Work through ANGEL. The course management system is ANGEL and most correspondence will be conducted here. Conceptual ideas will be enhanced through activities which may include the ANGEL discussion board where ideas amongst students are discussed. The ANGEL drop box will be used to submit specific activity based assignments. ANGEL quizzes will be used for conceptual based quizzes, the midterm exam and the final exam.

Attend Lectures. Elluminate is the web-conference utility where the virtual classroom resides. This may also be used for more "face-to-face" group correspondence with students.

Required Text, Equipment, Software

  • College Algebra, 2nd Edition by John W. Coburn (McGraw-Hill, 2010) pre-packaged with one-semester access to ALEKS

Assessment and Grades
The total number of points for the course will be 1000 points. Students will have an opportunity to earn 200 points in each of the following three areas: 1) Basic Skills (ALEKS work), 2) Conceptual Understanding (Activities and ANGEL quizzes), and 3) the Final Exam (incorporates both basic skills and conceptual understanding). The final grade will be determined by the sum of these three areas.  The minimum of the three area scores and the maximum of the three area scores will be incorporated twice and thus each of these two areas will will contribute to 40% of your overall grade as each will be worth 400 points. This rubric emphasizes that all three areas are of utmost importance.

Conceptual AssessmentBasic SkillsFinal Exam (see below)Minimum of 3 areasMaximum of 3 areas
200 points200 points200 points200 points200 points
4 Activities (5 each)4 ALEKS Units (40 ea)1 Proctored Exam (200 points)  
4 ANGEL Quizzes (20 each)Final Set (40 points)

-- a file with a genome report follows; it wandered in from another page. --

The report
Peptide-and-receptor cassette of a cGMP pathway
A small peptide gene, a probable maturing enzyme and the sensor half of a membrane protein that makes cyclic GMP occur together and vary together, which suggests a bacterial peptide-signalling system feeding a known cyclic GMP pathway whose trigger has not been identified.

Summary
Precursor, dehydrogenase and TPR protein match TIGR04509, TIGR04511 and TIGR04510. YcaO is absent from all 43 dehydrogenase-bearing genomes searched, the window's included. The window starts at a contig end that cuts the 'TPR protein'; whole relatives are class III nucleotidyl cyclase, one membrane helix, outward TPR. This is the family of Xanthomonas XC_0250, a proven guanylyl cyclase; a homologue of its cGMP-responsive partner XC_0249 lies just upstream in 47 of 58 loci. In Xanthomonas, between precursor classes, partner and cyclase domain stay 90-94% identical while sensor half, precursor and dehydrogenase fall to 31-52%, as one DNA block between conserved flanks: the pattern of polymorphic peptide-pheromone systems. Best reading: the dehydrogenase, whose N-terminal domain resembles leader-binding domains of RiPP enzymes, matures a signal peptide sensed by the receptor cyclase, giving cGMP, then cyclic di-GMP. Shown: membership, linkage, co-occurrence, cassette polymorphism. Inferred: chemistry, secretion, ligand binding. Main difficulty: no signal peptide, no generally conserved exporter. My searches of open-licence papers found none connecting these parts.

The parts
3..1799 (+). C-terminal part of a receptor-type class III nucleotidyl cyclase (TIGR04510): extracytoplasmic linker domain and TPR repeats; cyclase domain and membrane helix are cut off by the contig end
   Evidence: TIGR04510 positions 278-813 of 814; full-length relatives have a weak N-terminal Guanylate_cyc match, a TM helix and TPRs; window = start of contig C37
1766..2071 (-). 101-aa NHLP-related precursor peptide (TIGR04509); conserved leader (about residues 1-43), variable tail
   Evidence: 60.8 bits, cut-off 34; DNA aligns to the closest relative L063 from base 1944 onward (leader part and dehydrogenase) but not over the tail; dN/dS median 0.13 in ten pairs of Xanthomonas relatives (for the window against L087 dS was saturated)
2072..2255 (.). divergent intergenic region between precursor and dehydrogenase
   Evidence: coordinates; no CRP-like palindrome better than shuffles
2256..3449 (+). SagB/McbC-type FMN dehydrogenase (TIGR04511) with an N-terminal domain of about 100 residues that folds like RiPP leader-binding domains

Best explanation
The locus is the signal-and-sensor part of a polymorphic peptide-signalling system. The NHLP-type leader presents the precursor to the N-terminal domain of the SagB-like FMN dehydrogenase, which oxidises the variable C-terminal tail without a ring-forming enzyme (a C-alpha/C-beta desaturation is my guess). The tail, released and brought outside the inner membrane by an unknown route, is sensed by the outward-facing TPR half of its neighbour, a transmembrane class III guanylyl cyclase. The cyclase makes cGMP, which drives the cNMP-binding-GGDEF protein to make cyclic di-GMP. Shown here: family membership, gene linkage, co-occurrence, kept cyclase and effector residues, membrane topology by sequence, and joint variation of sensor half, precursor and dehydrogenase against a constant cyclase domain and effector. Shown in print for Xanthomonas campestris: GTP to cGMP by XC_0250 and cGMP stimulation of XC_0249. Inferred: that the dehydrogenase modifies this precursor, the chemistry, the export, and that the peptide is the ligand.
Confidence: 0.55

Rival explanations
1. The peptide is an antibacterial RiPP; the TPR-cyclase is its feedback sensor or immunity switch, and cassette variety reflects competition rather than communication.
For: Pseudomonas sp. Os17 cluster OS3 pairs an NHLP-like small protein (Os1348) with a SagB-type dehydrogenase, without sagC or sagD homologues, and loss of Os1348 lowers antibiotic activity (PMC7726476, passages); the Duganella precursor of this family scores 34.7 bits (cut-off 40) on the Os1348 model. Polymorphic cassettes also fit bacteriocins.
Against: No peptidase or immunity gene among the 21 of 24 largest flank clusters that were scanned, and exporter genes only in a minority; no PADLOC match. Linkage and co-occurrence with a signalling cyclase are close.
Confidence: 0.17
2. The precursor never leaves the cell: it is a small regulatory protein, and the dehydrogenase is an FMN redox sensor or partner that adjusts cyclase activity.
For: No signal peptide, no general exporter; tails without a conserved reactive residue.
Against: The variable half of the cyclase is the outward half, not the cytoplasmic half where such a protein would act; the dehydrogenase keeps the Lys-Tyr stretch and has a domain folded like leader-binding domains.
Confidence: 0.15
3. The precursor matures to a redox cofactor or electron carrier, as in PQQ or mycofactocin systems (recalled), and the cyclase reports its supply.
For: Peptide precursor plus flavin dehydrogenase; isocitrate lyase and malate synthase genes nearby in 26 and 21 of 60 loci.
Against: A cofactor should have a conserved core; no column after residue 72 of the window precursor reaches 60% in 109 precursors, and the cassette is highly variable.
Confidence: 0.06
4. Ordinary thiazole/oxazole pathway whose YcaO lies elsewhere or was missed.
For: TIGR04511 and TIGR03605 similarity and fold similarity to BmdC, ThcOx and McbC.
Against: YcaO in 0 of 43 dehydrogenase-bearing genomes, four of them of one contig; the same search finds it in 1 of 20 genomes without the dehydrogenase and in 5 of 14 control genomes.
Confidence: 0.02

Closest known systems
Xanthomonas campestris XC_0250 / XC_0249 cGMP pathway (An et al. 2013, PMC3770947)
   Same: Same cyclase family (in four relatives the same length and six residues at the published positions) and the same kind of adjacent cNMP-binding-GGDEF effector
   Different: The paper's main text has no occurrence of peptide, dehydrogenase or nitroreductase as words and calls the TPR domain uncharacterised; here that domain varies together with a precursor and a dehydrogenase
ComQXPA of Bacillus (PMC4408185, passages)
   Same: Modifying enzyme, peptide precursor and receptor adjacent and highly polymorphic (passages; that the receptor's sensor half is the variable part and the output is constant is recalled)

2 Midterm Exams (50 points)

GRADE

% Score

POINTS

A, A-90 -100896-1000
B+, B, B-80 - 89796 -895
C+, C70 - 79696 -795
D60 - 69596 -695
F0 - 590 - 595

Final Exam
The final examination will be available via ANGEL during the last week of class. It will be a proctored exam.

Arranging a Proctor
You will need to secure a proctor in order to take exams in this course. A proctor will not automatically be assigned to you; rather, you must make the necessary contacts to secure a professional who will serve in this capacity.

  1. Contact a person who meets the qualifications and ask him or her to proctor your exam.
  2. Student Services must approve your proctor before any exams can be taken. Please see instructions for securing a suitable proctor. While many proctors will serve on a voluntary basis, you are responsible for paying any expenses incurred in retaining a proctor.
  3. You must complete a Proctor Information Form and submit the completed form with the proctor verification documentation. Note: If your proctor has been previously approved by the World Campus during a prior course within two years, you do not need to obtain verification. World Campus retains proctor information on file for two years.
  4. If your proctor does not meet the required specifications, Student Services will notify you within 5 to 7 business days.
  5. You will need to complete an Exam Request Form for each exam. Contact your proctor to confirm the date, time, and location of your exam(s). Complete the form 3 weeks prior to your scheduled exam to allow for processing the request and mailing exams to proctors. If you are located outside the United States, in order to allow adequate time for mailing, please plan to request your exam earlier than 3 weeks prior to the exam week.